Carnivals have always exuded a faint fetor of menace. Itinerant strangers come to town, some of them dressed as clowns, and try to trick you or exploit the basest depths of your curiosity. They exist to break down boundaries, give you permission to indulge, and then move on, leaving you, the seemingly innocent townsfolk, to reckon with what you got up to under the garish light of the midway.

When you set a scene in a Fear Itself, Trail of Cthulhu, or Esoterrorists scenario at a sideshow or circus, the players know to expect creepiness.

You know what the real story is. But what are the rumors the investigators encounter before parting the wrong curtain and finally beholding that terrible truth?

Here are 7 rumors for townsfolk and carnies to spout at the PCs before the real horror surfaces.

  1. “They did a test on the corn dogs and found that 1% of the contents were human flesh.”
  2. “Last year when the carnival came by Mamie Jones just up and vanished. The sheriffs caught up with them down in Dixville but they said they’d never laid eyes on her.”
  3. “Before the authorities clamped down on the freak show, they had an alligator man who was a little too real, if you know what I mean.”
  4. “Some of the most prominent people in our town worship the devil. And their high priest and priestess are the owners of this carnival, who travel from place to place renewing the vows of apparently ordinary folk to Satan himself.”
  5. “They stopped using their old Ferris wheel. Ten years one of the cars came loose and a girl fell to her death. That old ride was haunted. People who rode by themselves would sometimes look over and see her, weeping gluey tears from her faceless head. I don’t suppose a ghost could transfer from an old Ferris wheel to a new one, could it?”
  6. “Last year one of the roustabouts lost an eye in a bar fight. Guys from the local mill started it. I wouldn’t be surprised if some bloody revenge broke out later tonight.”
  7. “A friend of my cousin’s went into that hall of mirrors back in the 90s. He stepped outside and he coulda sworn he was in the 1890s! He turned around and ran back in and says he can’t even look at a mirror nowadays.”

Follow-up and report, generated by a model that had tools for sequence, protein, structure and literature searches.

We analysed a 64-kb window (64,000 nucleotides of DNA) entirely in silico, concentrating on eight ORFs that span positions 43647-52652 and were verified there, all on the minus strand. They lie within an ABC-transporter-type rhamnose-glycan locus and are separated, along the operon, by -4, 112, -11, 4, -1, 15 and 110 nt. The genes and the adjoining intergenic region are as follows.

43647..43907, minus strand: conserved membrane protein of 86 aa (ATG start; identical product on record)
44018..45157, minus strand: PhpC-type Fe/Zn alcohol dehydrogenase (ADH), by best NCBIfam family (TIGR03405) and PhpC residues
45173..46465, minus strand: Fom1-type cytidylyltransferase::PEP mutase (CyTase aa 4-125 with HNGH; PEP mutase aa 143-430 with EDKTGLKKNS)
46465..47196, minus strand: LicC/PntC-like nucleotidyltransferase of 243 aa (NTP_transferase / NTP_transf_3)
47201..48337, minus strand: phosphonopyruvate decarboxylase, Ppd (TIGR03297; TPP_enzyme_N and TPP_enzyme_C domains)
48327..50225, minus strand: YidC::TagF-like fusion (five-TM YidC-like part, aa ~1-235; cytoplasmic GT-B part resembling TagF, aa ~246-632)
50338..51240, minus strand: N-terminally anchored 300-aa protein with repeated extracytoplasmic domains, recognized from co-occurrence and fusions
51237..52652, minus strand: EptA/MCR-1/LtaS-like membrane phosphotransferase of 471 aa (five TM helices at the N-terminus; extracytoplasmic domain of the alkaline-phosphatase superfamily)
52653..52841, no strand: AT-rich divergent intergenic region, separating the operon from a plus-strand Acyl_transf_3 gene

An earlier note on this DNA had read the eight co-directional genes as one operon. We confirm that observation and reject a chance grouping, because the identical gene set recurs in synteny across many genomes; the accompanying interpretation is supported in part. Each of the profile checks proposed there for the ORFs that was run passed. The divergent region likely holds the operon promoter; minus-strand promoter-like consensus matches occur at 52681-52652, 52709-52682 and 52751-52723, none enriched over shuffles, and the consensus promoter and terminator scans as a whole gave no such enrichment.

And as always, if the players care more about a tall tale than they do about the main plot line, why maybe it’s not so untrue after all…

Confronting the mind-eating minions of the Outer Dark can prove mentally, physically, and morally exhausting for even the most hardened agent of the Ordo Veritatis. To grant momentary respite to its investigators in mid-mission, the organization maintains a string of safe houses. These are marked by a common emblem: the anchor, symbolizing the need to remain anchored to consensus reality. Because the symbol is ubiquitous, especially around marinas and shorelines, the trained agent checks other criteria before entering an establishment and uttering the day’s codeword. These include the use of particular fonts in signage, a sidewalk spray paint mark one might otherwise mistake for those used by construction crews, and a custom model brass door knob. Any player character can distinguish a true Anchor from an innocuous place of business.

Anchors frequently take the guise of tattoo parlors or barbers. These businesses actually turn a small profit for the Ordo. They are operated by former agents as a means of providing employment for personnel too shattered to continue in the field—or in the ordinary lives they used to lead.

Having given the correct greeting, the agent in need is handed a key, which opens a door to a back room, basement, or upper floor. Therein you find a sleep pod, headphones allowing you to listen to soothing binaural beats keyed to a range of psych profiles, and a plant and water feature. The fully stocked liquor cabinet also purveys a selection of sedatives. Behind a beaded curtain lies an alcove containing such key consumables as bullets, SIM cards, bandages, and that investigative staple, duct tape. Feel free to take that adrenaline syringe, hunting knife, or stick of anti-ritual incense. Just be sure to mark off what you take on the sign-out sheet, which you will find hanging on a clipboard from a nail at eye level on the alcove wall.

After a two hour power nap, the agent emerges from the pod with a 3-point Stability, 1-point Health, and 2-point Preparedness refresh.

Look for anchors in densely populated urban areas, or in spots where the membrane is notoriously thin and Outer Dark activity rife.


The Esoterrorists are occult terrorists intent on tearing the fabric of the world – and you play elite investigators out to stop them. This is the game that revolutionized investigative RPGs by ensuring that players are never deprived of the crucial clues they need to move the story forward. Purchase The Esoterrorists in print and PDF at the Pelgrane Shop.

I acknowledge that the Forensic Entomology ability, as seen in The Esoterrorists, can be hard to love. It’s icky and creepy.

And that’s what’s good about it.

Also a favorite of forensics procedural shows, for exactly that reason, I included it as a separate item in The Esoterrorists precisely because it dovetails so well with the horror genre.